Last week, the California Legislature passed Senate Bill 616 (“SB 616”), an amendment to California’s statewide paid sick leave law that significantly increases the amount of leave that employers need to provide and permit employees to carry over from year-to-year. The bill was sent to Governor Newsom on Wednesday, and he is expected to sign it into law.
Many employers in California’s major population centers already provide well in excess of the three days required under current state law. Santa Monica and several cities in the San Francisco Bay Area already mandate that employers provide up to 72 hours of paid sick leave, and California’s most populous city—Los Angeles—requires up to 48 hours per year. However, for employers with workers outside these areas, SB 616 will significantly expand their sick leave obligations.
SB 616 increases the minimum amount of sick leave time eligible employees must accrue each year from 24 hours (three days) to 40 hours (five days). The bill preserves the existing accrual rate—i.e., one hour accrued for every 30 hours worked—but employers may use a different accrual method as long as eligible employees accrue: (a) no less than 24 hours (or three days) of paid sick leave by the end of their 120th day of employment; and (b) no less than 40 hours (or five days) of paid sick leave by the end of their 200th day of employment.
While the current law permits employers to cap annual sick leave usage to 24 hours or three days per year, SB 616 expands the permissible annual usage cap to 40 hours or five days. SB 616 also raises the total amount of paid sick leave that employers must allow employees to accrue over time and carry over from one year to the next from 48 hours (or six days) to 80 hours (or 10 days).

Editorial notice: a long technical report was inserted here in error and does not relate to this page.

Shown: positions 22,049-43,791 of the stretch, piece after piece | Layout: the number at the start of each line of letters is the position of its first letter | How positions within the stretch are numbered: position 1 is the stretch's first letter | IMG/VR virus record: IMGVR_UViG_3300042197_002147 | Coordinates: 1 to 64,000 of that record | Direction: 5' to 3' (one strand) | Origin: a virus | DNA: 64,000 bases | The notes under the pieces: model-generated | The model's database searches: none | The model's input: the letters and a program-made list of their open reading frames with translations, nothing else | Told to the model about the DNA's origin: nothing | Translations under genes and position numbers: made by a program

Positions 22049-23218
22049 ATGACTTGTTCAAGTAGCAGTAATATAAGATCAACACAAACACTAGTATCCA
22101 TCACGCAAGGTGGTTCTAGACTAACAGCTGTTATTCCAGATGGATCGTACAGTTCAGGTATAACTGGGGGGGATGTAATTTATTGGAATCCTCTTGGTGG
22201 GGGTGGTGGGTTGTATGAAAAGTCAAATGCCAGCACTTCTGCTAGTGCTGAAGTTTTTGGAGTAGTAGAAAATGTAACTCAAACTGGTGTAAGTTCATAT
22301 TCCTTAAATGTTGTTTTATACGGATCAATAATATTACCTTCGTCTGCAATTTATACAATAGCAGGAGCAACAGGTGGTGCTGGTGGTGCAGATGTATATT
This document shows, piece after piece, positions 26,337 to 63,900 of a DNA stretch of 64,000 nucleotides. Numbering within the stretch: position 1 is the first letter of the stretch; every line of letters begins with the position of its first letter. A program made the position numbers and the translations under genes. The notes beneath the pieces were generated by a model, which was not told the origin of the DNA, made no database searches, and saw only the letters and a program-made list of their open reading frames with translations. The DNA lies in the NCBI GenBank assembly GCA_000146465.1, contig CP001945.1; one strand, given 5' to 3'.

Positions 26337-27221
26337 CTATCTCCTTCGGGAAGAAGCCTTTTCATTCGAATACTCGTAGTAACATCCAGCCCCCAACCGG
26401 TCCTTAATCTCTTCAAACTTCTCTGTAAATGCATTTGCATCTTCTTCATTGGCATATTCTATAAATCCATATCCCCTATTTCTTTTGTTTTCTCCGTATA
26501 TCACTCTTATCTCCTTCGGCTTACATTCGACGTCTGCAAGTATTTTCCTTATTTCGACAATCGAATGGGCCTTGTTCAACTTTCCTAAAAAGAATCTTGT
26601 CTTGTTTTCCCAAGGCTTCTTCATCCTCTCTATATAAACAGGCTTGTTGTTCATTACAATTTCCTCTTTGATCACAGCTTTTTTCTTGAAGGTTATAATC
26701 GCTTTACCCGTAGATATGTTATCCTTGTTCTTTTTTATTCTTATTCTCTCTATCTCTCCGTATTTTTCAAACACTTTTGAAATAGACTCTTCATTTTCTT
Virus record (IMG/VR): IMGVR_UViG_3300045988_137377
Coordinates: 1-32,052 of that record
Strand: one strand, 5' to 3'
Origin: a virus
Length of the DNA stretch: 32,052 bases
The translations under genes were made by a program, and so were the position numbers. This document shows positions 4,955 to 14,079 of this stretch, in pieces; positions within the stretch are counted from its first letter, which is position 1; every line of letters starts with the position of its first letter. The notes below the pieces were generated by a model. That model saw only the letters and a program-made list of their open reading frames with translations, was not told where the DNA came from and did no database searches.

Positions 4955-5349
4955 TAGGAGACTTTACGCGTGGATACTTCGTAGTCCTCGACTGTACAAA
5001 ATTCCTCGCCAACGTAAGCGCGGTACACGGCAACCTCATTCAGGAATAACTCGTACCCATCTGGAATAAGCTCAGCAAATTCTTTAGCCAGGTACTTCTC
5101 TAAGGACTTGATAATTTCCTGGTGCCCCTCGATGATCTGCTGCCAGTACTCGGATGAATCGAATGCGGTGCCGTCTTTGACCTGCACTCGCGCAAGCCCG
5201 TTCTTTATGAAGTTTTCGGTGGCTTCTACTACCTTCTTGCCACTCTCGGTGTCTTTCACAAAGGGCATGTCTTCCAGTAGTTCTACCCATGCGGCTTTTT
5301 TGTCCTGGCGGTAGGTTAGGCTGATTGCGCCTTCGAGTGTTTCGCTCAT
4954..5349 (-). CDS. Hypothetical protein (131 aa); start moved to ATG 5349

Employers who prefer to use an up-front sick leave allocation—a popular method due to its relative administrative ease—will now need to deposit 40 hours (or five days) of sick leave in employees’ leave banks each year.
Although SB 616 continues to include an exception for employers covered by a valid collective bargaining agreement (“CBA”) that provides for paid sick leave, subject to certain conditions, it requires that such employees be permitted to use sick leave for the same reasons as employees who are not subject to a CBA.
Given that the Governor is expected to sign SB 616 into law, California employers should plan to review their sick leave policies and practices before the end of the year.